Five steps commemoration May 10, 2007Posted by PagMax in Heritage, India, Mangal Pandey, Meerut, Reebok, Revolution, Sepoy Mutiny.
3) Borrowing “The great Indian Mutiny” by Richard Collier from my library.
4) Feeling sorry for the lost heritage
5) Buying Reebok shoes from Kohls.
5 on 5 May 8, 2007Posted by sk in Microsoft.
Since the fight about whether Microsoft is dying (not dying… dead – the company died of a heart attack in 2004), I’ve upgraded the memory on my system and installed Windows Vista on it. There have been several articles about the OS, most of them unanimous about the fact that Vista sucks. That was one reason I waited all this while to install it on my laptop (I’ve had the DVD for about 4 months now). I finally mustered up all the courage I could find and installed Vista Business last month on my laptop, which is not exactly Vista Premium capable. I’ll admit that I was a little worried, but thankfully, I’ve not had any problems (so far) and it’s been fun using it. You can find a lot of reviews about it at other places so I’m not going there. Instead, I’m going to focus on the five things that I like/dislike about it. So here goes…
- Chess – What’s the big deal? It’s just a game. Well, it’s beautiful. It’s a pleasure playing it on Vista. One move that I learnt really well is Ctrl-Z. Yup, you can undo your way right to the beginning of the game. While it’s not the best thing to do, I’m learning to beat the computer without having to do it (of course, that’s only at level two of ten possible levels).
- Aero – It’s very cool. I love the transparent toolbars. Flip3d (I think that’s what it’s called) is also fun to use. If you don’t like Flip3d, you can find Expose’ clones for Windows Vista.
- Searching – Press the Start key and in a few keystrokes, you can open any application/file you want. Yeah, it’s been done before, but it’s almost painless here and doesn’t come in the way of anything.
- Folder address bar – this is actually copied from Linux. When you open a folder, it doesn’t show you the address (for example, “C:\users\user_name\documents…”). Instead, a link is provided to each parent directory, which makes navigating a lot easier. Clicking on an empty location in the address bar brings up the address.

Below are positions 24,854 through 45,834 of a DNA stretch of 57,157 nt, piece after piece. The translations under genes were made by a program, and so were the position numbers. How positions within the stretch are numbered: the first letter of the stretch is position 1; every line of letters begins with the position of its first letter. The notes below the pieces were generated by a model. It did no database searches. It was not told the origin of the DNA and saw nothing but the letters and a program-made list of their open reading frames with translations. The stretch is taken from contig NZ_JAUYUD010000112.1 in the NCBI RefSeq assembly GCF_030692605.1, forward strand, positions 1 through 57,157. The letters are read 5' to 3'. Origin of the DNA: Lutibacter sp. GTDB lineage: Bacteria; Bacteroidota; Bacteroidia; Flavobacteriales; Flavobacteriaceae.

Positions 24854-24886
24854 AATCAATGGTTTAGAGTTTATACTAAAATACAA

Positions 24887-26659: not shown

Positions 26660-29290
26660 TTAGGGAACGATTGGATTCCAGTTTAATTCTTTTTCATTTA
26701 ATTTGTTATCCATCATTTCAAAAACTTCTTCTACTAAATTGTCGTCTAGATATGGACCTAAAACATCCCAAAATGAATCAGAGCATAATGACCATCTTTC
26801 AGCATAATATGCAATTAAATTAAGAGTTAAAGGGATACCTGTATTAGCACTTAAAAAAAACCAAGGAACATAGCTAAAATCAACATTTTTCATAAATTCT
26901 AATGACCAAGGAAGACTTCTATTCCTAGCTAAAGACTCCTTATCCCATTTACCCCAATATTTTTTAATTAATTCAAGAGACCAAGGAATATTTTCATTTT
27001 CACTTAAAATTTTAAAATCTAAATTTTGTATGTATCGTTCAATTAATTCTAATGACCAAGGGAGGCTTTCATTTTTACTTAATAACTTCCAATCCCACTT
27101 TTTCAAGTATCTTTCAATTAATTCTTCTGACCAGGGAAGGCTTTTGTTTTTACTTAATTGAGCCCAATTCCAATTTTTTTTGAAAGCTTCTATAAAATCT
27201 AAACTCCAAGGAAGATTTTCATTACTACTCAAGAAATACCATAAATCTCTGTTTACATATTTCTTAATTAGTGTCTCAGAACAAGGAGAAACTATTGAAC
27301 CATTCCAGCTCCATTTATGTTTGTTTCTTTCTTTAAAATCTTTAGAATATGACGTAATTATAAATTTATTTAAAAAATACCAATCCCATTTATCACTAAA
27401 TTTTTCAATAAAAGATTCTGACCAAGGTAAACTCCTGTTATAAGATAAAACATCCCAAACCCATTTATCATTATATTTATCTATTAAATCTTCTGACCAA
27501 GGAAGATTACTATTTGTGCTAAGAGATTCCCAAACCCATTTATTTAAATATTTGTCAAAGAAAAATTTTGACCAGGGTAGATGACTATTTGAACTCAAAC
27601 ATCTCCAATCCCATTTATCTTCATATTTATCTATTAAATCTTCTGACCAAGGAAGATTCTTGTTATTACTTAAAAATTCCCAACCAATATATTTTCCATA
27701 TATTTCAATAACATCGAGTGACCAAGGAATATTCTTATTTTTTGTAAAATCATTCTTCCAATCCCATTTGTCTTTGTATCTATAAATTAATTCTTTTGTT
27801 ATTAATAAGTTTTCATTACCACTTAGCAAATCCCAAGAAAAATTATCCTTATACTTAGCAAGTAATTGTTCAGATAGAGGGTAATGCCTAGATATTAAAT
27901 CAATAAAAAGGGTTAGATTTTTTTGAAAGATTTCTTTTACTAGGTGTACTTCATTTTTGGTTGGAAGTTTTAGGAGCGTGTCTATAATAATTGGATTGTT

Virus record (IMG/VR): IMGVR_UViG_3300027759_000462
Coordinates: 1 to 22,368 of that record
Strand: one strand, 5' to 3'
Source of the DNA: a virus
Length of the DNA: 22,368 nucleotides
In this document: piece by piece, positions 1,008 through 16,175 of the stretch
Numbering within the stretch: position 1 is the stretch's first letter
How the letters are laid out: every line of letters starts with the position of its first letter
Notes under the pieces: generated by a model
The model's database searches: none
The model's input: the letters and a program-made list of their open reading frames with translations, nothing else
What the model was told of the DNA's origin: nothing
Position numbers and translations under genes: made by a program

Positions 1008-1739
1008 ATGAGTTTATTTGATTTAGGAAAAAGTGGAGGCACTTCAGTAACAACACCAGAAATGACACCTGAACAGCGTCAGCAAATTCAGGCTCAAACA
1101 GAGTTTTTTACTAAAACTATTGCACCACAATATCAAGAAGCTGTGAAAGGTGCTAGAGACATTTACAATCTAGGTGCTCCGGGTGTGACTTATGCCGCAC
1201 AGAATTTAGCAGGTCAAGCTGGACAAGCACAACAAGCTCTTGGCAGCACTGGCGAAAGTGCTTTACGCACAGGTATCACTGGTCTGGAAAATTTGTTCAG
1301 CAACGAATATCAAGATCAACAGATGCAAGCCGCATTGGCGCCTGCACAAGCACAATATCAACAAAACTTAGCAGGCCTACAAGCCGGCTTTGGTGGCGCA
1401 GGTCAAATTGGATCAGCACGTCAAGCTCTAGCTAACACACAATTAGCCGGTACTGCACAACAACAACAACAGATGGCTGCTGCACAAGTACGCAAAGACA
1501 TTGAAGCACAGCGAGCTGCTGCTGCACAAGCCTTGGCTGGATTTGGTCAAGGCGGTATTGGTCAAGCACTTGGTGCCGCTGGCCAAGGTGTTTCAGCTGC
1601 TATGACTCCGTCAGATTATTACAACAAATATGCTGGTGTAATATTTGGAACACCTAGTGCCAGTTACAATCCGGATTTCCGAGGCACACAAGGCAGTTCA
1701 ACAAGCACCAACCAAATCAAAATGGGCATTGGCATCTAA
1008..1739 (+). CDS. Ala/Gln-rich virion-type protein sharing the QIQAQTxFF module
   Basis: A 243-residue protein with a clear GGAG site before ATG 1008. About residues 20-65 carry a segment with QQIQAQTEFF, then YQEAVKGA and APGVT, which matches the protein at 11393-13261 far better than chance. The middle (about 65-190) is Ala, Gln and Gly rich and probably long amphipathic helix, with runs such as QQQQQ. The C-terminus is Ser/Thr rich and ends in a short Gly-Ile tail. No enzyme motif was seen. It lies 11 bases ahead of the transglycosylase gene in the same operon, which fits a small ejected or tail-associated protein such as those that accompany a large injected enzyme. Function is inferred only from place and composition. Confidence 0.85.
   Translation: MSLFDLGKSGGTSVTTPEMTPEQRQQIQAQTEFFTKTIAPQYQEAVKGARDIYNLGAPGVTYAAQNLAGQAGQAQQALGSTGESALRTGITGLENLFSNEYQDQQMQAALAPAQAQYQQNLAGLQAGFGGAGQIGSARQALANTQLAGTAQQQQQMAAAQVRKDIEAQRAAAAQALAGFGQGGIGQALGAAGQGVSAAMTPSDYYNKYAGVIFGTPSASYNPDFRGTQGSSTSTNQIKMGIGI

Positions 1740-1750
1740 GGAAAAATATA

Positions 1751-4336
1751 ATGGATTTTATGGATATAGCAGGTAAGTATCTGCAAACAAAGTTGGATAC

- Folder previews – you can preview files without opening them now. For example, you can listen to a song without having to open WMP or iTunes or some other player. Same with other file types.
- Aero – The damn thing drains the battery. I’ll probably switch to the Vista Basic/Windows Classic interface once the initial excitement wears out.
- Software/hardware support – This really hasn’t been an issue for me. All my hardware was detected and works well. I had a problem with Gaim 2.0 beta 5, but Pidgin 2.0 runs fine in Vista. Another open source tool for normalizing mp3 music sound doesn’t work.
- Windows creep – Every version of Windows (actually every OS) slows down after a while when new programs are installed/uninstalled. So far, Vista has been great but I don’t know how bad it’ll get.
- Wireless connectivity – When you resume your computer from hibernate mode, it takes 30 to 40 seconds to connect to the wireless network. OS X, Ubuntu, and XP all do it in less than ten seconds.
- Deleting small files – This takes ages sometimes. The problem, apparently, is that Vista takes time to calculate the time required (which it does more accurately than XP) and by the time it figures out how much time is required, the file has already been moved to the Recycle Bin. Get the point?
Turns out to be 5 on 3. Not an even match. I can’t think of any more dislikes right now and will update the list when I can come up with something. There are actually a few more things about Vista that I like and haven’t mentioned here. I actually mentioned only the stuff that people haven’t focused on. Also, several people have cribbed about UAC. I have found it to be fine. It’s definitely better than Sudo on Linux. So, as I mentioned earlier, Vista has been surprisingly good on my system. One of the reasons may be the lack of crapware that comes preinstalled with OEM computers.